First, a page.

Finally, for new and evolving technologies, delegates were asked to consider how relevant good practice (RGP) may be identified, and how risks from these technologies can be shown to be as low as reasonably practicable (ALARP).

 

With respect to RGP, specific areas where there are potential gaps perceived included:

  • Physical impacts of climate change (such as wildfires, increased lightning strikes, wind loading, ambient temperature).
  • Development and interaction of hazard studies across multiple sites/companies (for example, where there is industrial symbiosis, such as HYNET and Net Zero Teesside development projects).
  • Impact of technology on engineering controls and safeguards as well as on administrative controls (including operator training, operating manuals, control philosophy, human factors, distributed control system changes, safety critical task analysis).  

 

From this discussion it became apparent that the speed of change was a concern, as well as the sheer volume of information and data that may need to be considered in tandem. All participants believed that to identify RGP, collaboration is essential, as is sharing across industry sectors to avoid information overload or ‘reinventing the wheel’, particularly when trying to promote learning from incidents.

 

Confidentiality was another factor that is foreseen as a challenge, particularly where there are commercial sensitivities with new technology. The final discussion point was around the communication – and public perception – of risk, which remains challenging, particularly if the combination of speed of change and new operators leads to an increase in incidents.

 

Surprise conclusion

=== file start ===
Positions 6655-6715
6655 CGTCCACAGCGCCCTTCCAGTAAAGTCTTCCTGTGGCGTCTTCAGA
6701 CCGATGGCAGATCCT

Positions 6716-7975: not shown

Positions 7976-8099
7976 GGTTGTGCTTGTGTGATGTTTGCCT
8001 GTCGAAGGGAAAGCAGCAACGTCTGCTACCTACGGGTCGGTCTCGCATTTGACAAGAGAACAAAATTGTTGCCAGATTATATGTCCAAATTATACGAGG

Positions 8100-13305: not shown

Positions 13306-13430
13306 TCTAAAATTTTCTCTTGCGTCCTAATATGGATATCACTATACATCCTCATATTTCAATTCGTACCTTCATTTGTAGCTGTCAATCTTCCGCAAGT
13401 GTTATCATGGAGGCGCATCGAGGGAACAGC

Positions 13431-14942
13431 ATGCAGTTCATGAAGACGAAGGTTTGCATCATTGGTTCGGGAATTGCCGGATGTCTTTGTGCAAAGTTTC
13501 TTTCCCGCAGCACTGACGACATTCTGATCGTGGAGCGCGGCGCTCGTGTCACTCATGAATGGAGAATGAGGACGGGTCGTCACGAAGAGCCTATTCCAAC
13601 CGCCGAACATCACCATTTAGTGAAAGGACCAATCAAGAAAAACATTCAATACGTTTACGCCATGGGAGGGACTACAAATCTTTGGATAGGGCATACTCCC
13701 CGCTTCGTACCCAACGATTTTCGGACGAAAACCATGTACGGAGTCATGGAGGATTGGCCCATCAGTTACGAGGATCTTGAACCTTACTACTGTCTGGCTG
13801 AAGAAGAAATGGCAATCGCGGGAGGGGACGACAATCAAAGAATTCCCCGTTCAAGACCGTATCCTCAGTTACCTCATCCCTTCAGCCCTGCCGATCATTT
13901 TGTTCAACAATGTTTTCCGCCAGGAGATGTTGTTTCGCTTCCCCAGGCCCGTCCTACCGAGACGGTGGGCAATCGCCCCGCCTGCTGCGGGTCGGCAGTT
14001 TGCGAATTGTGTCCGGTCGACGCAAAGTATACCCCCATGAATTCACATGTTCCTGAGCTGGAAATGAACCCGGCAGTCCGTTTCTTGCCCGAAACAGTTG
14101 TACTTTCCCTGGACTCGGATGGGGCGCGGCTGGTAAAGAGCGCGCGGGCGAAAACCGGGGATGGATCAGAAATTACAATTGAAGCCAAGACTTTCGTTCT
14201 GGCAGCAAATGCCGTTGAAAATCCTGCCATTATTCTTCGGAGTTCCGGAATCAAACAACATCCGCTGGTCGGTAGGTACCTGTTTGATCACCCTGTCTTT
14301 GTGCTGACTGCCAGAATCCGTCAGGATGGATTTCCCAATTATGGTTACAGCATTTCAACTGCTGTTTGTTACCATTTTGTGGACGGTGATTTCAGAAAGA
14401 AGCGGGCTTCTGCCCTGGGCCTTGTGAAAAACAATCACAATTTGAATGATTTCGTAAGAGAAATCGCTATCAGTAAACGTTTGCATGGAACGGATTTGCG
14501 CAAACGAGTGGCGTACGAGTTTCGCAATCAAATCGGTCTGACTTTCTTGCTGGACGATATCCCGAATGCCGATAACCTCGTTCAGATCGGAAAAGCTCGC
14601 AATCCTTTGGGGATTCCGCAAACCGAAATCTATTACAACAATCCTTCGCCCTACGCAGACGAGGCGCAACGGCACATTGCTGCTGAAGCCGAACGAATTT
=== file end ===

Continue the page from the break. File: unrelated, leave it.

After three hours of lively discussion, one of the surprise conclusions was that the technical implementation of net zero plans was not perceived to be a challenge. Instead, the following three process safety leadership challenges were highlighted: 

  • Management of change, in particular the speed of the change being too quick, or complex, for existing management systems. 
  • Competency concerns about inadequate understanding of process safety by senior leadership, as well as a lack of understanding of risks more broadly within organisations (and not solely for new entrants).
  • Collaboration will be a necessity, both cross-sector and within industry, whilst being mindful that commercial sensitivities with new technology could potentially lead to a lack of knowledge-sharing.

 

These findings highlight the importance of effective collaboration and communication across the industry when it comes to navigating the complex challenges of the energy transition. Companies are adopting a more agile, risk-based approach to process safety in response to the increasing complexity and interdependencies of emerging risks. Governments, regulatory bodies and industry associations have been developing new RGP or updating existing ones to keep the industry informed about these risks and provide practical advice on how to manage them.


For instance, the EI has launched an initiative to adapt its existing process safety good practice materials to meet the needs of the energy transition. These materials include technical guidance documents, codes of safe practice and research reports. Professional development training courses related to these materials are also being revised to reflect these changes. This is to ensure that process safety professionals understand the potential impacts of new technologies on traditional energy infrastructures.